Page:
Among those around my age, I notice a great emphasis on prestige, popularity as well as power, and a corresponding disrespect for the regular Joe.
Opportunities at SMEs or government agencies are not viewed in the same light as well-known MNCs or hip startups, leading to a flood of resumes at the latter two groups, and a drought in the former two.
Yet the opportunities that I treasure the most — because they taught me the most — were at these very no-name companies run by little-known business owners.
Take the transitional internship at a startup I mentioned earlier as an example. This was in 2014 and my first internship.
The company, located in the middle of Geylang, was looking to penetrate the Chinese market with a language-related software.
The boss had never worked in any large corporation before, but he taught me everything that I needed to know — how to draft an intellectual property patent application, write a business proposal, and even develop the front-end of its software.
That experience taught me that if we approach every opportunity with a humble attitude, it can be a good opportunity.
So, before we lament about how companies only “judge us by a single piece of paper” or “expect a 20-year-old with 10 years of experience”, we should think about our own stereotypes and prejudices, and be more open about exploring different opportunities.
Thirdly, life is unfair, but we just need to find ways around it and try to level the playing field for ourselves.
Inequalities exist everywhere. Growing up, I was always highly sensitive to what I perceived as inequalities around me, from how academically-inclined students were given mentorship and internship opportunities that I was willing to die for, to how my peers were able to afford costly private tuition classes that were integral to doing well in examinations.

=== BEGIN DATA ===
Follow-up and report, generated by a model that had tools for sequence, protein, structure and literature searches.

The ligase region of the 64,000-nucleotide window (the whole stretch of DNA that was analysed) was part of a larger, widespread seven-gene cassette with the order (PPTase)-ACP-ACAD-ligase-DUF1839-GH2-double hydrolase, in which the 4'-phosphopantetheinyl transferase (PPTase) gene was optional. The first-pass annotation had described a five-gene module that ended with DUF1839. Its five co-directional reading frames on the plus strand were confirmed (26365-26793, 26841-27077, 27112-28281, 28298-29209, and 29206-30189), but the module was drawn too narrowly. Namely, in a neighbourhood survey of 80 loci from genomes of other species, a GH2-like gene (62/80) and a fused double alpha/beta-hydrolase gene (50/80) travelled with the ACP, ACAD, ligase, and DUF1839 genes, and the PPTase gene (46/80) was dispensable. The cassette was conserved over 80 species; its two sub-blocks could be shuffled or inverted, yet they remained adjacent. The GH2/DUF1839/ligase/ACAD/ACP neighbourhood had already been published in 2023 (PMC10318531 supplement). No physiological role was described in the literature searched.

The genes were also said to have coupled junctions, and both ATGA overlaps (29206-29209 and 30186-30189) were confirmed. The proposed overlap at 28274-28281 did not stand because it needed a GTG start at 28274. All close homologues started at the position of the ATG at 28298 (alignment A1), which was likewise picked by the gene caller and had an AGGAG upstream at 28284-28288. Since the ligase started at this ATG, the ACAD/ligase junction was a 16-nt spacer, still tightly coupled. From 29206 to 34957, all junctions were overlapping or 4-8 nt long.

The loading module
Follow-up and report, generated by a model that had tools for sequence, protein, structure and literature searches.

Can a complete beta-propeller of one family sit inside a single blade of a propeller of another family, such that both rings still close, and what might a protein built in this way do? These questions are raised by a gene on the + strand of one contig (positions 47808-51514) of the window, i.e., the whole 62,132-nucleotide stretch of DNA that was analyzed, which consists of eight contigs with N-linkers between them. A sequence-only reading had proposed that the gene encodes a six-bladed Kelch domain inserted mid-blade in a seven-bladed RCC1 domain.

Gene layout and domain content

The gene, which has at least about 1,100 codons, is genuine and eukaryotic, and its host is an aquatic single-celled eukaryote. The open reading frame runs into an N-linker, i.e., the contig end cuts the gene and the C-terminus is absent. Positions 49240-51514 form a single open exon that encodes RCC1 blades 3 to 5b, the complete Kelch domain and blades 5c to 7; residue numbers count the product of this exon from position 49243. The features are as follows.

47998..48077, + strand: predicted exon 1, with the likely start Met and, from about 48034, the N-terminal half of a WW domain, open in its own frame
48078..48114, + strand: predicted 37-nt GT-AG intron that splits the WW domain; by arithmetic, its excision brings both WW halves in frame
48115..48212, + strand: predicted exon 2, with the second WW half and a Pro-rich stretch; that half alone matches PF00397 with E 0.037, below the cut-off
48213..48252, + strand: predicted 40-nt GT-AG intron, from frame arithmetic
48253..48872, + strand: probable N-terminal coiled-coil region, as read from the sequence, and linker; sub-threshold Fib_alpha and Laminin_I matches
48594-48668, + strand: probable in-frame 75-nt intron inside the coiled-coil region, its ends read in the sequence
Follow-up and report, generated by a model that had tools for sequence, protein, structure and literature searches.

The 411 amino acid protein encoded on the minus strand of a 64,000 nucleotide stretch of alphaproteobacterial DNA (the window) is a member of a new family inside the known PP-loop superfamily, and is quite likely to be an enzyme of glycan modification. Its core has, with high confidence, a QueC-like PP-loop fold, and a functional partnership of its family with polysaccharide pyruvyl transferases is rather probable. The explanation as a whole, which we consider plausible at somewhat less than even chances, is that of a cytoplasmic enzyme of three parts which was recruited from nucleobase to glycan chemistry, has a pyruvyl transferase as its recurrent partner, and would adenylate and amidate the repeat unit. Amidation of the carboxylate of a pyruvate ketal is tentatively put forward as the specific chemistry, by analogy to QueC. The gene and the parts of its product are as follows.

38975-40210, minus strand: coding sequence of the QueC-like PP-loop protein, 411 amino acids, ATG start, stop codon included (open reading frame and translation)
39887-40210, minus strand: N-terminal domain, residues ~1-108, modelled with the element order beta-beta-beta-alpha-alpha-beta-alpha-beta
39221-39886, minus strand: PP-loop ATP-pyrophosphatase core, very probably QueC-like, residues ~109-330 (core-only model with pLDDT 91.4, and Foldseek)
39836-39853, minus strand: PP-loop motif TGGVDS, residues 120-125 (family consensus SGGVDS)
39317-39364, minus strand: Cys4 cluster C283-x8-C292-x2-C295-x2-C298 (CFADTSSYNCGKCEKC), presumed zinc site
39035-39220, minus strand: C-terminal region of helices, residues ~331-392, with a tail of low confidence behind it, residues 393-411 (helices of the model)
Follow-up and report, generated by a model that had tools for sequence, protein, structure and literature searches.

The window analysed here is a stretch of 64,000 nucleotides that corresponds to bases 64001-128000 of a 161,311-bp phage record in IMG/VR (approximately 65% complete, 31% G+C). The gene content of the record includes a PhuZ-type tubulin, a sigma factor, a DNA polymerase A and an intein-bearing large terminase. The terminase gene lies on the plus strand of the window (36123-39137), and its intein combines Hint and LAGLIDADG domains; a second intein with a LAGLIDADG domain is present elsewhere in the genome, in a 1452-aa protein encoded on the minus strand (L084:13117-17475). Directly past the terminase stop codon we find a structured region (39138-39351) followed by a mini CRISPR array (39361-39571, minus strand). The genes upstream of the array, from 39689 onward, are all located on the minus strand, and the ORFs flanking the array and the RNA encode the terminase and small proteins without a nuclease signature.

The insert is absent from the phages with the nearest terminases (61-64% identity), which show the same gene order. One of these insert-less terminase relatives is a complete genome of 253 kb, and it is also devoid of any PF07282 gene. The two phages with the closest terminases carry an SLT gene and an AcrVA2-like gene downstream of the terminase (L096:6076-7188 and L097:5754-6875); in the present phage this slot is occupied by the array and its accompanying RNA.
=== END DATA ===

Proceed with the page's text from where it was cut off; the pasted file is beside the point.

Our parents are right — life is unfair. But we should not have to suck it up. We can create a semblance of equality based on our efforts and determination.
For example, when I was in junior college, having to work every day after school meant I did not have the luxury of time or flexibility for my studies.
However, I always found little pockets of time to study, such as looking through my notes while having dinner at the cafeteria, completing my homework during the bus ride to work or memorising textbook content while washing dishes at 11pm.
Having to juggle both work and studies helped me develop strong time management and prioritisation skills.
Time is what you make out of it — there is no such thing as not enough time.
Looking back, I am ever so thankful for these experiences and for the people I have met, and the lessons that I have learnt.
Given the uncertain economic climate and job market due to the Covid-19 outbreak, it is even more important for fresh graduates and job seekers to take every chance they get, revisit stereotypes of lesser-known companies and to stay hungry.
ABOUT THE AUTHOR:
Regine Chan graduated from Nanyang Technology University in 2019 with a Bachelor of Business (Honours) with a minor in Computer Science, and is now working full time as a strategy consultant in a global management consultancy.